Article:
"It's a gorgeous addition to the skyline," Badain said. "Vegas should be very proud of that and proud of what that building stands for and what it’s going to do as an economic engine and an economic stimulus going forward."

Las Vegas Raiders' Allegiant Stadium during construction. (Gai Phanalasy/FOX5)

Las Vegas Raiders' Allegiant Stadium during construction. (Gai Phanalasy/FOX5)

But the construction process has faced a number of obstacles amid construction. Building a stadium, a project that can take 4-5 years, should be completed in 31 months.

"Certainly there has been a number of challenges," Badain said. "That’s to be expected. We are still on track. We’re about 80 days out for a July 31 completion date. A lot of credit goes to the workforce here in Las Vegas and to the Moretensen/McCarthy joint venture."


Badain said being the last of 32 teams to build a stadium has actually been a blessing, using what has been done to inform the future.

"We’ve had a chance to see what’s worked at other stadiums, what we liked and what we didn’t like and then Mark was really the vision behind that with the architecture team. But you start with the basics like ingress, egress, bathrooms, concession stands, all of the things that make your game day experience a positive one. We’ve engineered around that."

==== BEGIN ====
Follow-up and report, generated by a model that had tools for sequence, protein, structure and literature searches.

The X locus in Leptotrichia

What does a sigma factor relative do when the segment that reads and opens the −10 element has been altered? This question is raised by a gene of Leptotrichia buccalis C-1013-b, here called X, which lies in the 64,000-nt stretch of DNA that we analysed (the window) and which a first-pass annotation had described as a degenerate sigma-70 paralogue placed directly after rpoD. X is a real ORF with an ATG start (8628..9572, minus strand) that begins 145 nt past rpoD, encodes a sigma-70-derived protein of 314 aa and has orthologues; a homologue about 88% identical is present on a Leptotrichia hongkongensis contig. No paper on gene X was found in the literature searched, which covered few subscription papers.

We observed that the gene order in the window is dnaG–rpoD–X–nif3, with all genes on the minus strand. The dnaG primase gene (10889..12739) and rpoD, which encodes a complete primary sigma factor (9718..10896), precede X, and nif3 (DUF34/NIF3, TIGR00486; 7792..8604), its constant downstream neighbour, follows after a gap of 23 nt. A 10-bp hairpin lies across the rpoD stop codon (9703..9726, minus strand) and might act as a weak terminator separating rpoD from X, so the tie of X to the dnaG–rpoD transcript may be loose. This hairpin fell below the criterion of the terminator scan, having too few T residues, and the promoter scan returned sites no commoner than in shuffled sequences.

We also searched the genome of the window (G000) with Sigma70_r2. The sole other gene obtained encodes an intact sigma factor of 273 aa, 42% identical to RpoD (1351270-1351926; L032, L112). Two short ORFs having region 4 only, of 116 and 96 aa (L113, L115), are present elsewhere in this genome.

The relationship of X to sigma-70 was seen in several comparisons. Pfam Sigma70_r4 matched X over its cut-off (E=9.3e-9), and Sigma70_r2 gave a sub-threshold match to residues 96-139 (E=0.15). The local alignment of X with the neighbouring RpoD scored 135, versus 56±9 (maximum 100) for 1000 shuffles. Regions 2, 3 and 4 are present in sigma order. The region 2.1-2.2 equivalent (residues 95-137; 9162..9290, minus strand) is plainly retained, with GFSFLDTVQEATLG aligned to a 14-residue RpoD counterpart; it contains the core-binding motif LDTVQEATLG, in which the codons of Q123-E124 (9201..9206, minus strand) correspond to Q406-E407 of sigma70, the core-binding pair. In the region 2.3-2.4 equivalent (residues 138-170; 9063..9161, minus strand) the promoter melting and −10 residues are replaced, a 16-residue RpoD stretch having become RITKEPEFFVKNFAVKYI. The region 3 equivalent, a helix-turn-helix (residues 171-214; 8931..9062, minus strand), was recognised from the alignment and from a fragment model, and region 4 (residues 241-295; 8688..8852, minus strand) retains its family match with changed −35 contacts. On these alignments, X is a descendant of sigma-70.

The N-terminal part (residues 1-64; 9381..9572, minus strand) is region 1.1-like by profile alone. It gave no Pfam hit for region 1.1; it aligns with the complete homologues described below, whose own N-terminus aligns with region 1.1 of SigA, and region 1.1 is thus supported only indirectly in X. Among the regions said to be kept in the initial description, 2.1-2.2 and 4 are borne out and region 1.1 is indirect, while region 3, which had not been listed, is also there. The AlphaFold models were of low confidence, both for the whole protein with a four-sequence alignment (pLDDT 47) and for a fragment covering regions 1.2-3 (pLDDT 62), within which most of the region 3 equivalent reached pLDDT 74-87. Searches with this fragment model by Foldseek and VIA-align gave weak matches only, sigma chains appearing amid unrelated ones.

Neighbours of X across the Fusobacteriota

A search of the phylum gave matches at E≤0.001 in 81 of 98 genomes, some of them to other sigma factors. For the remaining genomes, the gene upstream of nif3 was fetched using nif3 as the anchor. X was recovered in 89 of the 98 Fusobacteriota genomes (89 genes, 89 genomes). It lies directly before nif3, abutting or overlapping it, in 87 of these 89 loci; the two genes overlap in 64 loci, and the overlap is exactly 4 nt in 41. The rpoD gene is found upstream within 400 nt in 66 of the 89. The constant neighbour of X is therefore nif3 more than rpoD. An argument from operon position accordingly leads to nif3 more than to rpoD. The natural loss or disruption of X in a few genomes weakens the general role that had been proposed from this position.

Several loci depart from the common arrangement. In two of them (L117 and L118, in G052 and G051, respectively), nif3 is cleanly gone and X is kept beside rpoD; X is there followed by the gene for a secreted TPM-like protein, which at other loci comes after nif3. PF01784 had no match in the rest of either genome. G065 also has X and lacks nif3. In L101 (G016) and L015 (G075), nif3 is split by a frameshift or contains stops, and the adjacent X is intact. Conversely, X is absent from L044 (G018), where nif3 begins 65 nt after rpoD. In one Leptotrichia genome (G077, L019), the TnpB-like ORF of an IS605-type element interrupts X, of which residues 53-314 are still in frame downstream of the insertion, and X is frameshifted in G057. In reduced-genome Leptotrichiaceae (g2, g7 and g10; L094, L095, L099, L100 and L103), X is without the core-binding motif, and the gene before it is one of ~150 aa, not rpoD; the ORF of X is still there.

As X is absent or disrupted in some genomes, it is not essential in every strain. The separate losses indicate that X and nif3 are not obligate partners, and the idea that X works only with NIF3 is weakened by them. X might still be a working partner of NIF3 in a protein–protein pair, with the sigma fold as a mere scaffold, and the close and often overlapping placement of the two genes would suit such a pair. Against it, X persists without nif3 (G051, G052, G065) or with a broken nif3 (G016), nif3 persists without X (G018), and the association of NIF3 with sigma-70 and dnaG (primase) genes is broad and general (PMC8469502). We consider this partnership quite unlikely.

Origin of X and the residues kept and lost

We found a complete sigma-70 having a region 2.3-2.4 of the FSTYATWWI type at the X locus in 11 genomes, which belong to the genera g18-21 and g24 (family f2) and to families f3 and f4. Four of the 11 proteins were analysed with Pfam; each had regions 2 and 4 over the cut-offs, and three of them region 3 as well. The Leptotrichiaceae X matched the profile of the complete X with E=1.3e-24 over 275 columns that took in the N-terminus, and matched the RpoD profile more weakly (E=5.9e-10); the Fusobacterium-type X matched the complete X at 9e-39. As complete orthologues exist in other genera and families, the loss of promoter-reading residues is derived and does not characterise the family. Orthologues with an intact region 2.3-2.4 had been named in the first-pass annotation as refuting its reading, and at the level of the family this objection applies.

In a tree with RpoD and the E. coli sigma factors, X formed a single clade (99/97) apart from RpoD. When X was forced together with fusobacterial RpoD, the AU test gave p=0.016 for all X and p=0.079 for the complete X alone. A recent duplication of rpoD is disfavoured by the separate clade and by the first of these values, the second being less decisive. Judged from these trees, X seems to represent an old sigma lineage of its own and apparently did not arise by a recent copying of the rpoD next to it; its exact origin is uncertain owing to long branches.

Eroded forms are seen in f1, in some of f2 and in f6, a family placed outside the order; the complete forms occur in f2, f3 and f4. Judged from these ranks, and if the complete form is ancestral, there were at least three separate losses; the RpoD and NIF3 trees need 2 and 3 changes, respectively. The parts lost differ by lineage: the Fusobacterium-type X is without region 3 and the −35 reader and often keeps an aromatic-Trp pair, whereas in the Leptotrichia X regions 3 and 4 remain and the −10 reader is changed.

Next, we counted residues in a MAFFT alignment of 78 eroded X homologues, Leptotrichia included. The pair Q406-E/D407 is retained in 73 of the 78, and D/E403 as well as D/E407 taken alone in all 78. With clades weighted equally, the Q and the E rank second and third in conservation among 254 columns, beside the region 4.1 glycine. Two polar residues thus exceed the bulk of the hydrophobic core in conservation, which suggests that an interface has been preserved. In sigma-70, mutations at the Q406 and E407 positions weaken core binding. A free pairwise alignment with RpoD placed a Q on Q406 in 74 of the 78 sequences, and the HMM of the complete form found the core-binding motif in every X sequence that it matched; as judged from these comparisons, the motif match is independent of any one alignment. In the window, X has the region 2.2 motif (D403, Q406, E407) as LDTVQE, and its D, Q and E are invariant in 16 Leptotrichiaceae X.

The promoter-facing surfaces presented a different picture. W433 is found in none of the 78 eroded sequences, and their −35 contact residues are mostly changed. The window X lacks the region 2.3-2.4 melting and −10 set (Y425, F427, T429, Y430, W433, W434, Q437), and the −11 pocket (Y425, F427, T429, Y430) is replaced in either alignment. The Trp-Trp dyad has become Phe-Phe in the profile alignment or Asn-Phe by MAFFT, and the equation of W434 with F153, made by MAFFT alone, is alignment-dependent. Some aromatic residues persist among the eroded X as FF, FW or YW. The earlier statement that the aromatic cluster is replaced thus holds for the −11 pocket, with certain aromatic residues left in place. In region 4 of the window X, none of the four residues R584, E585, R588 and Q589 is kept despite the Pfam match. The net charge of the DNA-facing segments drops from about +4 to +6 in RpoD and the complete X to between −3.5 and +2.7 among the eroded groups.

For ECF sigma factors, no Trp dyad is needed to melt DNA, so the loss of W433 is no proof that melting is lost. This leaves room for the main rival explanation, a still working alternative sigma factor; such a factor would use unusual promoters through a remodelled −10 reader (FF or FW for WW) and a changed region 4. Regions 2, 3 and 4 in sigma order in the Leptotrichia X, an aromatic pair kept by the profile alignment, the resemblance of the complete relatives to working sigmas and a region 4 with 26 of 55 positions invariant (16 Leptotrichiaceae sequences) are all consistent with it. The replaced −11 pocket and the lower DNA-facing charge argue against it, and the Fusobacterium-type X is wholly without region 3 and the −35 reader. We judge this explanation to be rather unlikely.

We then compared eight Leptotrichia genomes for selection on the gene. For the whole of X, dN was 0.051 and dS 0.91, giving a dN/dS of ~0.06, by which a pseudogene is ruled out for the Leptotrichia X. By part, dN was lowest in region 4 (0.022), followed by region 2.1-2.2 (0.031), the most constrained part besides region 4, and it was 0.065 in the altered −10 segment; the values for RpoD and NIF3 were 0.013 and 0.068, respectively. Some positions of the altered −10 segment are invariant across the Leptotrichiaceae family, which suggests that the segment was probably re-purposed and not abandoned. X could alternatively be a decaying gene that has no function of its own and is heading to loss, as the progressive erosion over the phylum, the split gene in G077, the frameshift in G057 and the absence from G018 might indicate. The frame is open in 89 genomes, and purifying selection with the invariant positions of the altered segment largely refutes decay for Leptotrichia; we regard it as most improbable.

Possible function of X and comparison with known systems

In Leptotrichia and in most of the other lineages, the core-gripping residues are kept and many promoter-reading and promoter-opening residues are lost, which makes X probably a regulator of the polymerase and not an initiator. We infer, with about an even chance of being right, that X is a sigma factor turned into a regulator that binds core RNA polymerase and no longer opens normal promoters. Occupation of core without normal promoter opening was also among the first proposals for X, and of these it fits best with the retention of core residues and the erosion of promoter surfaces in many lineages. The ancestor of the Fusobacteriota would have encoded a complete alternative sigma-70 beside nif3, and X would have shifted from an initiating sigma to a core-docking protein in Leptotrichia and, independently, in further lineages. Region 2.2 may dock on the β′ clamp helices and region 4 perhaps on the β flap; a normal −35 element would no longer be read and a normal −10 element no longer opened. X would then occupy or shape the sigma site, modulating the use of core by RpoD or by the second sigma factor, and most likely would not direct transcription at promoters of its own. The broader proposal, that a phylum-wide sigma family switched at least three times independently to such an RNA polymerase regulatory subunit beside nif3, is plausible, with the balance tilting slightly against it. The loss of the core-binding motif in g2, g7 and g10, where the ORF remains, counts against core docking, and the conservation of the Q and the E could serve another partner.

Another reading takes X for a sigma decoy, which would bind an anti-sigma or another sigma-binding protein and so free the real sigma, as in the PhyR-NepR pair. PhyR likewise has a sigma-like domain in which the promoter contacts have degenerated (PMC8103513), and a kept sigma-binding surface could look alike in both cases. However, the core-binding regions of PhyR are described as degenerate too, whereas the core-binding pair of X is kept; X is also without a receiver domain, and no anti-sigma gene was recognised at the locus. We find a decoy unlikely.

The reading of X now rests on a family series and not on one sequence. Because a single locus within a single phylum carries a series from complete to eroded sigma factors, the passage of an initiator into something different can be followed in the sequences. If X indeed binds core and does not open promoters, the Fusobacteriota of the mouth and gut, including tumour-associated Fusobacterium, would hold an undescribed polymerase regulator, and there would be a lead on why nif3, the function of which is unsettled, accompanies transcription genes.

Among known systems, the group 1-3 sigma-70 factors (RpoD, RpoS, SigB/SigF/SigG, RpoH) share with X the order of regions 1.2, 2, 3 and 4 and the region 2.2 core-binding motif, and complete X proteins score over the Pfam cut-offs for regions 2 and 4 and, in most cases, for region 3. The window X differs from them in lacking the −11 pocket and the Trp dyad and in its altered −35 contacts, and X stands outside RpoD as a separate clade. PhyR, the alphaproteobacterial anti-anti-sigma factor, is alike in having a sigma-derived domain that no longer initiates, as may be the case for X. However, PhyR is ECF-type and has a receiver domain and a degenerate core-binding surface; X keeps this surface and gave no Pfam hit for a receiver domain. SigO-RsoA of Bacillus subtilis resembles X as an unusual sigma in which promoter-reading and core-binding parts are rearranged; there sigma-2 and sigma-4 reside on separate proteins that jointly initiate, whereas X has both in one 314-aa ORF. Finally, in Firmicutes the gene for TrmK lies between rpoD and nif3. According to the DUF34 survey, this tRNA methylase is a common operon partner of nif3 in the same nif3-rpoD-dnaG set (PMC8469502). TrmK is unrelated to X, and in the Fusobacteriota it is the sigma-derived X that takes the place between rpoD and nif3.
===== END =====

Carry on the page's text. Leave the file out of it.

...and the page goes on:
Allegiant will house about 22,000 televisions, with a great view from every seat, Badain said.

"We didn’t over-engineer the building, Badain said. "We didn’t overbuild, so the building has an intimate feeling to it and even though there’s 65,000 people in there, there really is no bad seat, and you have the most spectacular view in the National Football League - which is the Strip."


The next part of the evolution of the Las Vegas Raiders is the completion of the Henderson facility, the team headquarters and practice facility. That is coming up fast and then the process really begins about moving everything from the Bay Area down here and finally getting a permanent shop set up.

"It’s been a challenge to have half of your organization in one market and half in the other," Badain said. "I think everyone is excited to be under one roof. I know the team and the coaches, I know Jon himself is pretty amped to get here and pretty impatient about getting here. He knows what lies in store in the future and he’s really excited about it."

According to Badain, everything was designed for the team to "maximize their efficiency" at each facility.

"It’s beyond state of the art, and it’s going to be a great recruiting tool and it’s a beautiful facility, another great addition to the landscape here in Henderson," Badain said.